I proposed that in the short to medium term, Governments should focus on those issues that are likely to sustain enthusiasm for the AfCFTA, namely:

1)  Governments’ priority should focus on minimizing the fiscal revenue losses that the AfCFTA may engender. Afreximbank estimates that, at the continental level, AfCFTA-induced fiscal revenue losses could exceed US$4 billion per annum. Some countries use tariffs as a source of revenue while some others use it as an instrument of industrial policy. The Adjustment Facility under the AfCFTA largely targets countries in the former category.

2)  Governments should ensure that the private sector is well prepared to take advantage of the market opportunity the AfCFTA will throw open. In this regard, Governments should consider triggering an adjustment process for entities in sectors likely to be negatively impacted by the AfCFTA. Such adjustments may include support for retooling, improved access to credit among others.

3)  Availability of Trade Information is critical to tapping into market opportunities across the continent. The AfCFTA creates the legal basis for a potential pan-African market in goods and services but does not create the market. Governments must therefore, as a matter of short- term priority, endeavour to put in place mechanisms that will improve access to appropriate and credible trade information, for the private sector, interested in expanding their businesses to other African markets. It is critical that we recognize that the greatest constraint to expanding intra-African trade is lack of trade information and not necessarily the poor state of infrastructure. This is because the stock of infrastructure today carries about 1 trillion US dollars of total trade, of which intra-African trade amounts to only 160 billion US dollars.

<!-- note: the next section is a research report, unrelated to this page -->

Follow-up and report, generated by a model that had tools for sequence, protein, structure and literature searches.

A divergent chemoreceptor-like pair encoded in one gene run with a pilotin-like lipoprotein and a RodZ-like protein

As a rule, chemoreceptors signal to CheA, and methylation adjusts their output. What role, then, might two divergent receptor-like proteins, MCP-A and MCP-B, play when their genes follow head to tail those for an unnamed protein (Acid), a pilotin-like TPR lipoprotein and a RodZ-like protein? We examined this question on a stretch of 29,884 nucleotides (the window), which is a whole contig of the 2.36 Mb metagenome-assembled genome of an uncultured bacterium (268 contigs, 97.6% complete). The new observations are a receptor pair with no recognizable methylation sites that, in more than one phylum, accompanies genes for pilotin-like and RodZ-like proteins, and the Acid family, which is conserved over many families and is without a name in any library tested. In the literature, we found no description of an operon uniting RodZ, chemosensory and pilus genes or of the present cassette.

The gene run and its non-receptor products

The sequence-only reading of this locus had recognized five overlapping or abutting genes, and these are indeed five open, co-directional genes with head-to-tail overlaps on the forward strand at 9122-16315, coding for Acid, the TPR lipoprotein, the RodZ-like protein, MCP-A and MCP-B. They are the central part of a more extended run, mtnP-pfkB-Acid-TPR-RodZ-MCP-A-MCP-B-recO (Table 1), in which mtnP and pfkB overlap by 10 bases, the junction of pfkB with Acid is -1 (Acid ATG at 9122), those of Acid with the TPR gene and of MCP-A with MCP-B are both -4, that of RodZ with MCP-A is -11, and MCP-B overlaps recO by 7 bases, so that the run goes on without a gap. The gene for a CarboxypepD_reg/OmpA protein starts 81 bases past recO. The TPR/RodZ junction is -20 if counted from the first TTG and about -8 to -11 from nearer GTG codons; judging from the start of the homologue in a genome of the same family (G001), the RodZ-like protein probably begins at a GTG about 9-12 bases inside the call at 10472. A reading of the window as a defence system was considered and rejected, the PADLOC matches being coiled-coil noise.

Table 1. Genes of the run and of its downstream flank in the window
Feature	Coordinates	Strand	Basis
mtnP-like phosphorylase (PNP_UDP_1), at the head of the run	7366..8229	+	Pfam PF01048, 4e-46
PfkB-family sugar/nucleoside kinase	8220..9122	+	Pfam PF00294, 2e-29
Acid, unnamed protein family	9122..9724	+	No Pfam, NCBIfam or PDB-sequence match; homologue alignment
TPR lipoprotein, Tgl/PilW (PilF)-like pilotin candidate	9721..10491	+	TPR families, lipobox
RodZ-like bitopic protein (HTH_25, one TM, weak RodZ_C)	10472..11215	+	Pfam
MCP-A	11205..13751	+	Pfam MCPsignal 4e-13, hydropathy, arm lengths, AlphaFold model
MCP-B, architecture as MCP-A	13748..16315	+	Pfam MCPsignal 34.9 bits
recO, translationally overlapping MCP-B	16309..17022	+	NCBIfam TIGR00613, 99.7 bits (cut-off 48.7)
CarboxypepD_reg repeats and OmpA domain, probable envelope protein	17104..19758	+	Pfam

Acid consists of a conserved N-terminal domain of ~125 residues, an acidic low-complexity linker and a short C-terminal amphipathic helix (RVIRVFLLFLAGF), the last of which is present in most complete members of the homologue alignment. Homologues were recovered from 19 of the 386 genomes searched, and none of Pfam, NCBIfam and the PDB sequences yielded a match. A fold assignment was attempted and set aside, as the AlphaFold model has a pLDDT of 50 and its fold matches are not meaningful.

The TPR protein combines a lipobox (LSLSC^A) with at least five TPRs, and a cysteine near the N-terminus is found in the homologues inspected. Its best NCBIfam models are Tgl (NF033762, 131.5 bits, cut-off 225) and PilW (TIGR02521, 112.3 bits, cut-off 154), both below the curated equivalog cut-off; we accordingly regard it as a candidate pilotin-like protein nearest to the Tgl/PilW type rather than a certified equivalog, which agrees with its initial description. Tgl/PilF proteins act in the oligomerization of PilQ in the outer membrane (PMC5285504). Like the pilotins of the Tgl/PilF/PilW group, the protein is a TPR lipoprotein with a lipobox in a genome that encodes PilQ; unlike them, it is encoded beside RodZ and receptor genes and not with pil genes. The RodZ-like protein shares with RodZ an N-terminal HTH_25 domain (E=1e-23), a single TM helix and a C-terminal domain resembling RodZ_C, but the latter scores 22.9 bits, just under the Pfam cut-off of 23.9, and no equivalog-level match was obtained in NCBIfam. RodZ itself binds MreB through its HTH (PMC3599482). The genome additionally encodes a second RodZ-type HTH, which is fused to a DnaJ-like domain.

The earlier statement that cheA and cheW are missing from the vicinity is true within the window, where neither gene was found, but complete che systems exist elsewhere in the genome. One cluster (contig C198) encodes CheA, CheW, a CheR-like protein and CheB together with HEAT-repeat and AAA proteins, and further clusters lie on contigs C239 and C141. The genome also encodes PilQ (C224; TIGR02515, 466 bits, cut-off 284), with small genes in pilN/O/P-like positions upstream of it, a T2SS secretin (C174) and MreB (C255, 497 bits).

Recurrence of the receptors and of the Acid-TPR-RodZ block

4)  Although the AfCFTA offers an opportunity to industrialise and expand export manufacturing, it will be up to Governments and the private sector to seize the opportunity. The goods have to be produced competitively and traded. Access to markets is critical as no meaningful production can occur if goods produced cannot be sold. Governments should therefore consider the establishment, or create the environment for the emergence of private sector-led, Export Trading Companies (ETCs).

In economies where they exist, ETCs market the merchandise produced by SMEs around the globe, providing branding, sourcing market intelligence on behalf of the different manufacturers and serving as anchors for credit granting to the numerous manufacturing entities that they represent. The fact that informal traders account for 40 – 50 percent of Intra-African trade is, in my opinion, an evidence of institutional failure. If formal trading institutions exist, the informal trade will wane.

5) Branding is key and in the context of the AfCFTA it is important to build national brands for manufactures. Professional branding companies will be required but underpinning the branding should be the Promotion of Export Trading Companies to ensure that branded goods are distributed. For Nigeria, the successful Nollywood Industry can provide a platform for promoting Made in Nigeria brands, just as Marlon Brando made the denim Jean a global brand